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Hawai‘i has been lending its mystique to the bikini for sixty years
Vol. 8, No. 6
December 2005/January 2006

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The Bold and the Beautiful (Page 4)


After also training as a hairstylist and mortgage broker, Iwalani started in the bikini business as a rep for national companies, traipsing from big box stores to specialty shops making sure product moved. She got plenty of lessons by observing shoddy workmanship in garments that just didn’t pass muster in the dressing room. On a leap of faith, she decided to maintain the accounts with her own designs. She took a year to lay the groundwork, which included working with a factory in Colombia—not a sweatshop, she hastens to add, but a well-respected family-run business she visits often in Bogota. For fabric design, she turned to textile experts in Italy and France. These moves were her answer to dealing with the conundrum of being a clothier in a place with no manufacturing sector. And is she earnest. “You are taking on responsibility for this intimate garment that can be a source of such stress,” she says. “I don’t own a TV. I don’t open fashion magazines. I follow what I see in my imagination, and it ends up that I give others hope.”

Rather than continuing on in the abstract about how well she’s fared in this endeavor, Iwalani jumps to her feet and suggests I come in to the next room for a fitting—the best part of her job, she says. A quarter of an hour later, bottoms and tops have piled up on the dressing room couch with Iwalani tactfully steering me away from my choice of a Brazilian bottom (minimal coverage) and under-wire triangle top (maximum padding) to a so-called American cut bottom and an unpadded halter top with soft micro-fiber that is purer than silk to the touch. I put it on and Iwalani urges me to try a few moves, reminding me that Cameron Diaz and Mariel Hemingway have both been through this same ritual in this very same showroom. I am officially weaned from the padded look and, buoyant over my new bikini, I advise Iwalani that she has a great career in snake charming awaiting her should the bikini business go belly-up.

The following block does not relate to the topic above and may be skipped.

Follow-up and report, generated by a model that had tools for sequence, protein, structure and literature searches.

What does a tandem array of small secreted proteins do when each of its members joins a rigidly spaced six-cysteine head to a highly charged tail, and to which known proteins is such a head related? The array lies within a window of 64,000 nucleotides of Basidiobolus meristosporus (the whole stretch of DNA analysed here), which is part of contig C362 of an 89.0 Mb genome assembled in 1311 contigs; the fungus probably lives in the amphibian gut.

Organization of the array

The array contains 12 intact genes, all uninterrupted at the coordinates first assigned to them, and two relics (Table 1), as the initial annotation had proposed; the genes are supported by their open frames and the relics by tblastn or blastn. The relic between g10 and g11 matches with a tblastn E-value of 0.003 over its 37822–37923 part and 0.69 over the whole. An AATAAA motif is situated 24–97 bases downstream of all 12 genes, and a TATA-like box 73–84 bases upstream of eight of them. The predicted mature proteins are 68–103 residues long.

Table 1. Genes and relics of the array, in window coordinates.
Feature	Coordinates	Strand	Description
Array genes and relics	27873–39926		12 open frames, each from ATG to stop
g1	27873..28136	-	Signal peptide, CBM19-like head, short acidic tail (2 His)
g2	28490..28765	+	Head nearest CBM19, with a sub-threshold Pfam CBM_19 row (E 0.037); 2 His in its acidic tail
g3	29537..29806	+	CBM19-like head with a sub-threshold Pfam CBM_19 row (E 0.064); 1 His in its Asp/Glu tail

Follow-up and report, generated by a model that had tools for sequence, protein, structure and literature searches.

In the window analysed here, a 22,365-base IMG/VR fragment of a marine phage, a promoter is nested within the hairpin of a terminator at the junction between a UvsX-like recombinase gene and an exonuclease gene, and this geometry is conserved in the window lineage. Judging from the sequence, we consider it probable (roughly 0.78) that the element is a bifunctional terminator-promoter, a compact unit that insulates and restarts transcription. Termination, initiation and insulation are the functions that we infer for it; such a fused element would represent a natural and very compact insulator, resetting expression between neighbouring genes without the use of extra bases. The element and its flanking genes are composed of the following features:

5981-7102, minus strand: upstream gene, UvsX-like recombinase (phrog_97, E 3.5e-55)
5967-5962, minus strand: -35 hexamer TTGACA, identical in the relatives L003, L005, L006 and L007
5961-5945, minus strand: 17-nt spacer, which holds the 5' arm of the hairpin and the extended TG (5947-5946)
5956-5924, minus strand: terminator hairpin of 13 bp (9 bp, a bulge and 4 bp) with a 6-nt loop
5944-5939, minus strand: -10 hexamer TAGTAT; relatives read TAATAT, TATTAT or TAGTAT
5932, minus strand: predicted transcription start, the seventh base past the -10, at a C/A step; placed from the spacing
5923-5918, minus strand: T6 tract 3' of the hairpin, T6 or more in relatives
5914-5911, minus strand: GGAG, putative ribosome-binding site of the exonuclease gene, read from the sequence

In fact, though, the industry looks nowhere near going belly-up. True, styles come and styles go. Remember the bikini’s skimpiest version—the one with the string bottom—that became a hit for awhile at muscle beaches around town? It is rarely seen these days. Too uncomfortable? Too cheeky? It’s hard to say, but one thing is sure: Bikini fashion has been known to make as many unpredictable 180-degree turns as a surfer on a perfect wave. Sitting on the beach, year after year, Erika Ireland saw plenty of suits come and go. Before long, she began to mentally redesign bikinis on the women around her. “I'd see women in suits that just didn't do much for them,” says the leggy and graceful Kailua attorney. “I'd think, ‘She should have a halter top instead of a triangle top,’ or ‘She can wear a sleeker cut than board shorts.’” One Saturday morning Erika had an epiphany at Kaimana Beach: “I was sitting there with a friend, and I said that I really wanted to design swimwear for a living.” Once she heard the words come out of her mouth, she knew they were true. At the time, she was a prosecutor for the state and accustomed to thinking about what was appropriate in the courtroom, not on the beach. But in many ways, the idea of trading in legal briefs for ... er ... the other kind was not such a career leap. Notwithstanding the fact that Erika “grew up in a swimsuit” in a beach town outside San Diego, it was her legal mind that made sense of the fashion business. Today she devotes herself full-time to her company, Hawaiian Hula Girl, and is a rising star of the Hawai‘i swimwear scene. We thumb through her 2006 catalogue—suits range from a coy all-white lacey number to a vampish two-piece in a pinstripe print—as she remembers telling the state attorney general she was leaving her day job. “She liked my work and wanted me to stay on,” Erika recalls. “But when I told her I needed to follow my heart, she understood.”